Americans and Spanish aren't far behind in liking parties and visits with friends -- 16 percent and 17 percent respectively. In Britain, a mere 7 percent ranked socializing high on their list of favorite activities.Nearly as many prefer puttering about at home. The French come out on top of this puttering-about category with 7 percent.

The French, Austrians and West Germans are the most active people. One out of 10 in these countries lists a participant sport as his or her favorite diversion.

AMERICANS ARE the most film-fixated people in the world. We've got nearly 17,000 movie theaters, with a total seating capacity of over 7 million. That means we could take the entire populations of Norway and Ireland to the movies on a rainy day.And that's not even counting our 4,000 drive-in movies.

Britain has just over 1,500 movie houses, with a capacity of nearly 1 million. That's about average for the list.

The figures for seating capacity per thousand population show Spain at the top of the list, with 74 movie seats per thousand population. Next comes Belgium, with half that proportion, then Australia and Norway. The Japanese have no more than 10 seats per thousand population. And the British have a meager 17.

But the United States, for all its 17,000 movie theaters, has just under 30 seats per thousand.

If we're the most film-fixated people in the world, it follows that we go to the movies the most often. Wrong. The Italians go twice as often as we do. And the Spanish go three times for our every two visits. In Britain, the average person sees an average of only 2.5 films each year.

The Japanese have the distinction of seeing the least number of films a year -- just under two. This is peculiar because, with an output of 405 feature pictures a year, they make twice as many films as the Italians, and nearly three times as many as we do.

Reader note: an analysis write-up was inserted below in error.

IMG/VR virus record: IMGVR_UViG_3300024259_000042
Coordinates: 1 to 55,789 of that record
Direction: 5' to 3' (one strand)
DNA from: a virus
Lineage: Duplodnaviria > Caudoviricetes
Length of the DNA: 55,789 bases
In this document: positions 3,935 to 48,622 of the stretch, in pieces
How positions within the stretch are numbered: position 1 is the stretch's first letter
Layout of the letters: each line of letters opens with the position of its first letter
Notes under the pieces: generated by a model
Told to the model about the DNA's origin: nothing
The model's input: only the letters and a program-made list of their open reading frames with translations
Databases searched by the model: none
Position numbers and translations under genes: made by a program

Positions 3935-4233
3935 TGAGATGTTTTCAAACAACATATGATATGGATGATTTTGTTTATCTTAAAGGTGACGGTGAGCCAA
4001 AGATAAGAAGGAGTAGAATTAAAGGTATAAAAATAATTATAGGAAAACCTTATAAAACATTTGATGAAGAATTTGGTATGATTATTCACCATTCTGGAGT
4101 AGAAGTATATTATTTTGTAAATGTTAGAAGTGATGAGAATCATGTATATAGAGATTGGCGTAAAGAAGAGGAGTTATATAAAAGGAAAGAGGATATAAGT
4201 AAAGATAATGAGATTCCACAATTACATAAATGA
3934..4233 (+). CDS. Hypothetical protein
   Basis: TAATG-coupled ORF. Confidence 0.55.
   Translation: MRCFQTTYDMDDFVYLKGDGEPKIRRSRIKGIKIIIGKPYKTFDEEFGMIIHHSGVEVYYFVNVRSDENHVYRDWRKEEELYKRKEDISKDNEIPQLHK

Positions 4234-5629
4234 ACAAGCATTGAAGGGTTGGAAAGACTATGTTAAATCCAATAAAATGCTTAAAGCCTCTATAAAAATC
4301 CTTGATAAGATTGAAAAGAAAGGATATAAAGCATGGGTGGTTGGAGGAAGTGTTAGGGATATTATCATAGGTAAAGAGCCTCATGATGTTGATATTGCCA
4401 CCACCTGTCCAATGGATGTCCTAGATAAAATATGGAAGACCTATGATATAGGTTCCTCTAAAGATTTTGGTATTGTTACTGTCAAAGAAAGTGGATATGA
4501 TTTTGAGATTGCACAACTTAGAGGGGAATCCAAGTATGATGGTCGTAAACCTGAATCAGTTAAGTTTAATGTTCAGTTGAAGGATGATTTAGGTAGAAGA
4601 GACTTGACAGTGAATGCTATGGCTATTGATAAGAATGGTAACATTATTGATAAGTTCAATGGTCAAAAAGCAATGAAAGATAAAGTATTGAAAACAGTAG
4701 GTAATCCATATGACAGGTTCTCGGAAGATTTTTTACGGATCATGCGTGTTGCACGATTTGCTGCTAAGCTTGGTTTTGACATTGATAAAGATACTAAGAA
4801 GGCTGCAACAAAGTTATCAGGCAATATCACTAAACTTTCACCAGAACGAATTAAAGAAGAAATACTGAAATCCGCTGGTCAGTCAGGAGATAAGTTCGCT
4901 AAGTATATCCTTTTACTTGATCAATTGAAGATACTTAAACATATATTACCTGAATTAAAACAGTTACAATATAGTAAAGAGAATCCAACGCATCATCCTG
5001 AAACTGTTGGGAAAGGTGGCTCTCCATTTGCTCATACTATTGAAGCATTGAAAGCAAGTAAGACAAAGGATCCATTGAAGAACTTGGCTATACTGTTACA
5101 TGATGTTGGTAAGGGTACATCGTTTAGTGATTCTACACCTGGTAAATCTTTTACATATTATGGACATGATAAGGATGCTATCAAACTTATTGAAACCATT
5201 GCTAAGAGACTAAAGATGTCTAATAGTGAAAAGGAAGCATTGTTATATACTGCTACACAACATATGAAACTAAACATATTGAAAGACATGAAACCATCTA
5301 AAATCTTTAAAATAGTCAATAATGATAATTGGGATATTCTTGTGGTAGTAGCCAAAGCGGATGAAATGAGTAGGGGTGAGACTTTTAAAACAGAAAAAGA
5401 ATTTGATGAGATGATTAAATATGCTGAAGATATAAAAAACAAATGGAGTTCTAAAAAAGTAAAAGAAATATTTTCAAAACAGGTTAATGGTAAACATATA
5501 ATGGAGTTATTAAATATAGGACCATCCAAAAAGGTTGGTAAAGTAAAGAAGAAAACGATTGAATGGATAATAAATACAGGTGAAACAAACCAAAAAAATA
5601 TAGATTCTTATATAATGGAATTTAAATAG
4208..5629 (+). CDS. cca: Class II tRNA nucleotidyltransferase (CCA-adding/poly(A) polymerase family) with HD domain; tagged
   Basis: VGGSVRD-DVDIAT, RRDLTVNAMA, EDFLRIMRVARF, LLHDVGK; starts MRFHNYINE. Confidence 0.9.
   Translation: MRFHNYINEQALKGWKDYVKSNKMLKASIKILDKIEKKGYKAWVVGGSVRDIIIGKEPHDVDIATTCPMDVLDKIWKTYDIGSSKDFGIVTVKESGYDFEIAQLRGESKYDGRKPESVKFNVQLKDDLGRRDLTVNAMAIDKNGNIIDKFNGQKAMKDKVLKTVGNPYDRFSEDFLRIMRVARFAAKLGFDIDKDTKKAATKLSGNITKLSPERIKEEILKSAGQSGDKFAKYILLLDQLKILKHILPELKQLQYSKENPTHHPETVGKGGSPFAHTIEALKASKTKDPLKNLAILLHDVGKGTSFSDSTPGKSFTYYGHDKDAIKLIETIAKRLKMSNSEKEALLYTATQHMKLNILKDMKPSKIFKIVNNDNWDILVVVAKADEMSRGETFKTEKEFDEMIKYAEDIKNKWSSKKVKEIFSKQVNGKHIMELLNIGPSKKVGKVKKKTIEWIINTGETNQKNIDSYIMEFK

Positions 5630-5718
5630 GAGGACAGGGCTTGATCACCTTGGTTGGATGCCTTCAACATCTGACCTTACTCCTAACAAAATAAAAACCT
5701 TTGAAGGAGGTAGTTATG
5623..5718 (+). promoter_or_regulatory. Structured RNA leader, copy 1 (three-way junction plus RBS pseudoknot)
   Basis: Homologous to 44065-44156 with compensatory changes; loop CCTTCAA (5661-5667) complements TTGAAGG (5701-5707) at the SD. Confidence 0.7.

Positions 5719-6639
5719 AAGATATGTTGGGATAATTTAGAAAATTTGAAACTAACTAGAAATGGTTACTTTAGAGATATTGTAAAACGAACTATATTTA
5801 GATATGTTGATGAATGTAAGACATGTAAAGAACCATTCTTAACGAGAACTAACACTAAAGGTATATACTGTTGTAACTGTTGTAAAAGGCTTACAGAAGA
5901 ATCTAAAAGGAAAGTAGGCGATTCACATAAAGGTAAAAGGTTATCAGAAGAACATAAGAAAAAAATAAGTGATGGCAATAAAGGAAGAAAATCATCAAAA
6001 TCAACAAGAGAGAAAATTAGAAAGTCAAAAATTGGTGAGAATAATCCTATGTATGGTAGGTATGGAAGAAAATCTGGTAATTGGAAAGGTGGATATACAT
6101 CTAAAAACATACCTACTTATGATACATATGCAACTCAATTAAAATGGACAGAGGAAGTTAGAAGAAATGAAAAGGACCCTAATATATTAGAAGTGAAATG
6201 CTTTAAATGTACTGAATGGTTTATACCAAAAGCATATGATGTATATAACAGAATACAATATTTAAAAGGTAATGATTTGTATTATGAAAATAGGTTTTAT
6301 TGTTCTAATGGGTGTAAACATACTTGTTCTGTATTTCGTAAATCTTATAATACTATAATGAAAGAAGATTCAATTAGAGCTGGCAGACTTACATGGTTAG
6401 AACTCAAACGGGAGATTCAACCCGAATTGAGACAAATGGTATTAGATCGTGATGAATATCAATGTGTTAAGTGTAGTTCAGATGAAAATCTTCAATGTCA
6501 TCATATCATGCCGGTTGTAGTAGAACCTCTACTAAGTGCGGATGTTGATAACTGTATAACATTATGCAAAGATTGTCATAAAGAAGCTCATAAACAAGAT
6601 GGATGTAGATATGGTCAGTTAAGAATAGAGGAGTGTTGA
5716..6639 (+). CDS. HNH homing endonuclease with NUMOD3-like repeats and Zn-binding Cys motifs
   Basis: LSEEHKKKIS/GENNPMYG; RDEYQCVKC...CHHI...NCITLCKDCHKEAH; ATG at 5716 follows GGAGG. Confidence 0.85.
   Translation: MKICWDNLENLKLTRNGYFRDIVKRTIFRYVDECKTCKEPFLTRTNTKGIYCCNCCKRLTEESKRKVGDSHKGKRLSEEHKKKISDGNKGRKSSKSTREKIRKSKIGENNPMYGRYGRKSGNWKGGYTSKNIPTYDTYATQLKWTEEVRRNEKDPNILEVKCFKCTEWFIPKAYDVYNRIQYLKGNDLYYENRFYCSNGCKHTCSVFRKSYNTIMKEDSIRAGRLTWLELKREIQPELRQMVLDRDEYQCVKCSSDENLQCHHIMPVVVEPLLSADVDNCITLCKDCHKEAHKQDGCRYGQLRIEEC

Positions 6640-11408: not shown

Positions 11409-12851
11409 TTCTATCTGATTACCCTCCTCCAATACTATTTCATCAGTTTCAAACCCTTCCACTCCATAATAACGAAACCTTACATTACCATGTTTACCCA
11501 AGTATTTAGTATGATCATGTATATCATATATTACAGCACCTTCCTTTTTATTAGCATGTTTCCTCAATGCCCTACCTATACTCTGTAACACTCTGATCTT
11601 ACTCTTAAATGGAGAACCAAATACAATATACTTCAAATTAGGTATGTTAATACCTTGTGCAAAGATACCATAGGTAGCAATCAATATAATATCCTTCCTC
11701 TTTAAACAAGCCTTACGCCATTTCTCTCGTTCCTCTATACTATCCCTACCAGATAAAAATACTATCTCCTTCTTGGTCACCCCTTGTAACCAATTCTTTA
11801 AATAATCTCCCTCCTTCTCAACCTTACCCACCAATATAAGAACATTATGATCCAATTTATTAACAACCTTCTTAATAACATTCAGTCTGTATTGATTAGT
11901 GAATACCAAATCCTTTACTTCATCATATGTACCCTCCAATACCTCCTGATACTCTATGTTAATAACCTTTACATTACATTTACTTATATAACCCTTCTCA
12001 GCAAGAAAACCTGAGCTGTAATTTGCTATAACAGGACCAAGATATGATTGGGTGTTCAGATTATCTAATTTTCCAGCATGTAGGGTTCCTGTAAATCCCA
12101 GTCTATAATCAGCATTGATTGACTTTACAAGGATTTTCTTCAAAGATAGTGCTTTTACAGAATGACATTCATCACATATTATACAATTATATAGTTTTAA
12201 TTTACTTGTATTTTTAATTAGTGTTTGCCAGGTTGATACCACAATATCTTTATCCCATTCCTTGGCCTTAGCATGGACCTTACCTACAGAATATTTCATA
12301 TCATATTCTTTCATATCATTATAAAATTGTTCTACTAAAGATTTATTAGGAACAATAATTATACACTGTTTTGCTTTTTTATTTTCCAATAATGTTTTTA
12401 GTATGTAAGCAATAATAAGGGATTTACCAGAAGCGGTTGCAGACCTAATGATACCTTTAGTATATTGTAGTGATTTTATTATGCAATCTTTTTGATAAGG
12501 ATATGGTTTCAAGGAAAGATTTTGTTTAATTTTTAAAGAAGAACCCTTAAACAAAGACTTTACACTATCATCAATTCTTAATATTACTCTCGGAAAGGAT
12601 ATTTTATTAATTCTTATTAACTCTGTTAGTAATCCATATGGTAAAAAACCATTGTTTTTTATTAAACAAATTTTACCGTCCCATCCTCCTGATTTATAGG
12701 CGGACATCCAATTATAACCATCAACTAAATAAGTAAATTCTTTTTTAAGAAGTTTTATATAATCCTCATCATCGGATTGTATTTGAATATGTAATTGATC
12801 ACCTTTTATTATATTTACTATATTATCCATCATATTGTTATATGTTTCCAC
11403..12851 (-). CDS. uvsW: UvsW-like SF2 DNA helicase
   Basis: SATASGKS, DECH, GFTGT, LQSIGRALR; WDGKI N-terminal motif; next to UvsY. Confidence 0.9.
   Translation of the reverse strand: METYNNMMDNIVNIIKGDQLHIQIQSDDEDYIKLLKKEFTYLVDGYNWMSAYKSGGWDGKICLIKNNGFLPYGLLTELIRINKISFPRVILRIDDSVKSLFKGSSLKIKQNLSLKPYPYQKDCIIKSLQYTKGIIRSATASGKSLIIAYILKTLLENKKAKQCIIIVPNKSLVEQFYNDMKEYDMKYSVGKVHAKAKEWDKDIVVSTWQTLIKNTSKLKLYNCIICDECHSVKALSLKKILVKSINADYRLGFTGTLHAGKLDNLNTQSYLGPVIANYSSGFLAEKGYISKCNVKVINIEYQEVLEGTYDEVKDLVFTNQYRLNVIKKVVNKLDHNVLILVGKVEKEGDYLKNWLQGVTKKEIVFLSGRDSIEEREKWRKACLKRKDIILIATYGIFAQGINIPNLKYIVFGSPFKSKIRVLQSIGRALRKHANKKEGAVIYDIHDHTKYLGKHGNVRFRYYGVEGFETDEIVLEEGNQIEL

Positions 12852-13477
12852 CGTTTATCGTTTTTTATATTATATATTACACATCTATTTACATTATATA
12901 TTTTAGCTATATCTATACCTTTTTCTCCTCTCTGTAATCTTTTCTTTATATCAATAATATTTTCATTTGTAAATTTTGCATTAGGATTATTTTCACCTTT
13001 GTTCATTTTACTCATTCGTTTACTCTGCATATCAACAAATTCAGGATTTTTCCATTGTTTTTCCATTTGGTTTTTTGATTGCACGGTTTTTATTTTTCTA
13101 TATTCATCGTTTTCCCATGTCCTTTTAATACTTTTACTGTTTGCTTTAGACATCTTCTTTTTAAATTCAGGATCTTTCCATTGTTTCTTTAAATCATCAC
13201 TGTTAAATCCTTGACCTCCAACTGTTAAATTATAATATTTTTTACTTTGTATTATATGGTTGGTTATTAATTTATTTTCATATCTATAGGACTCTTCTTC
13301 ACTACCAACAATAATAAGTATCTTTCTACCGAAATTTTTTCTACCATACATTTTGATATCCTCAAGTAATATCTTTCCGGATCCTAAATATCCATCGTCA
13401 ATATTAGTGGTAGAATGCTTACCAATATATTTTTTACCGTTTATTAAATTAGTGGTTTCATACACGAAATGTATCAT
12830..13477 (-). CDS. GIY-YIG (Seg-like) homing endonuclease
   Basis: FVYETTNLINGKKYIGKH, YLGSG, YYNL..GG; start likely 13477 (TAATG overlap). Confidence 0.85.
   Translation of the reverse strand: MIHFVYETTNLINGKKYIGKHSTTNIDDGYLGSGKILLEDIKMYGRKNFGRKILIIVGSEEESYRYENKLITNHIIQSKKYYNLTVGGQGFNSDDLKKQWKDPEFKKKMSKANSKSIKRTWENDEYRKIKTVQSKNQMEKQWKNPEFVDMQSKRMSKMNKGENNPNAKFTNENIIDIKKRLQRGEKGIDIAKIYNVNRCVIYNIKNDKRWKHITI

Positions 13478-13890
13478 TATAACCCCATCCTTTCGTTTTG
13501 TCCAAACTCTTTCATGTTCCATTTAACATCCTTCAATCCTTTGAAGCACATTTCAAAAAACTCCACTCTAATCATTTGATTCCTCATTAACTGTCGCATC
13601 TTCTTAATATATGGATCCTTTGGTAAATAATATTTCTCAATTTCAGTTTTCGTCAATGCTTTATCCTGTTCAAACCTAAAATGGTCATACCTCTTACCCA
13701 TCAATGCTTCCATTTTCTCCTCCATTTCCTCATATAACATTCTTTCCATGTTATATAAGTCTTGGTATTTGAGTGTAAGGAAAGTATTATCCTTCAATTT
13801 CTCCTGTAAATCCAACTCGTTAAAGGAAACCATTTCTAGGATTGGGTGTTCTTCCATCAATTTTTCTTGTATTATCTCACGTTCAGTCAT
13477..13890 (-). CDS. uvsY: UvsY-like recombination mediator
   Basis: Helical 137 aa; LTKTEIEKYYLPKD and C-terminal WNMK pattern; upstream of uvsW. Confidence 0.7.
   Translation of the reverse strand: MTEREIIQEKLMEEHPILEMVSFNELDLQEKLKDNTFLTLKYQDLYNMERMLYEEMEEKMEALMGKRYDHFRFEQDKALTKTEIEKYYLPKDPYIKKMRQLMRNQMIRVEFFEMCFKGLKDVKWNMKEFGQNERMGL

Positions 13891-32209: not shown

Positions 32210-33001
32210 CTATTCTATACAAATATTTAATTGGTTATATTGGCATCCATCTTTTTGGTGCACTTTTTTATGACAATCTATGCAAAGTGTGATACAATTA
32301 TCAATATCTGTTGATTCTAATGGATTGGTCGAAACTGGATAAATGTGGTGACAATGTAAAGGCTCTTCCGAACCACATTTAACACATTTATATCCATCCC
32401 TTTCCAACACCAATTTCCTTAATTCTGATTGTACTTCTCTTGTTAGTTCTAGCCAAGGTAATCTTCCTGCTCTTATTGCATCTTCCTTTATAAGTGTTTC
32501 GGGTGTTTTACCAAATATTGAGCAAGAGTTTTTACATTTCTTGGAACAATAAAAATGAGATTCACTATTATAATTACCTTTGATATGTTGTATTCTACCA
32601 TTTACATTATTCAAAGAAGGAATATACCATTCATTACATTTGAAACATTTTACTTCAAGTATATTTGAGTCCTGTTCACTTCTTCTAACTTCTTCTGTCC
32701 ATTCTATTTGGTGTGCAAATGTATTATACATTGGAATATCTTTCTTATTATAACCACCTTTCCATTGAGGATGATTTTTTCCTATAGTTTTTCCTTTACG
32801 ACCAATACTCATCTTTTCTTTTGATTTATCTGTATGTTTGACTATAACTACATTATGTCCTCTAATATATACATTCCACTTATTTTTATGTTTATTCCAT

France, not the United States, comes after Japan in film-making with 234 films in 1974. In Italy, in 1975, they made over 200. The United States ranks a poor fourth.

In Britain, where the film industry is said to be in bad straits, they still made 70 films for exhibition in cinemas during 1975. Ireland is at the bottom of the list -- only two films in 1975.

The Houses We Live In

ALTHOUGH HOME can be anything from a 50-room chateau to a tin shack, people around the world generally live between these extremes. Most homes in most countries have four or five rooms. Canada is an exception: the highest proportion of Canadians live in a seven-room houses.

In France more than 11 percent of the population lives in a one-room dwelling and more than 20 percent in two-room dwellings -- a figure beaten only by Denmarmk's 22.5 percent.

In the United States, 64 percent live in a house of our own with at least a bit of land. Only four people in a hundred live in an attached (row) house. Only 28 percent of us are apartment-dwellers.

In Britain, almost three-quarters of the population live in one-family houses, and less than a quarter in apartments. Fifty percent of British houses are attached and 23 percent detached.

France tops the table for apartment living, with 78 percent. In Japan, three-quarters of the people live in individual houses. And the figure for the crowded Netherlands is 58 percent.

You'd expect the United States to be a world leader in building new housing. That's not the case: We're behind most other nations. Japan is tops, with 18.7 new houses per thousand population. Our figure is 9.4. Most European countries build more new homes relative to population than we do.

Japan takes the prize for recently built houses: 78 percent of their homes were built after World War II. The oldest housing (51 percent) is in France, where more than half the homes are pre-World War I, and Ireland (45 percent).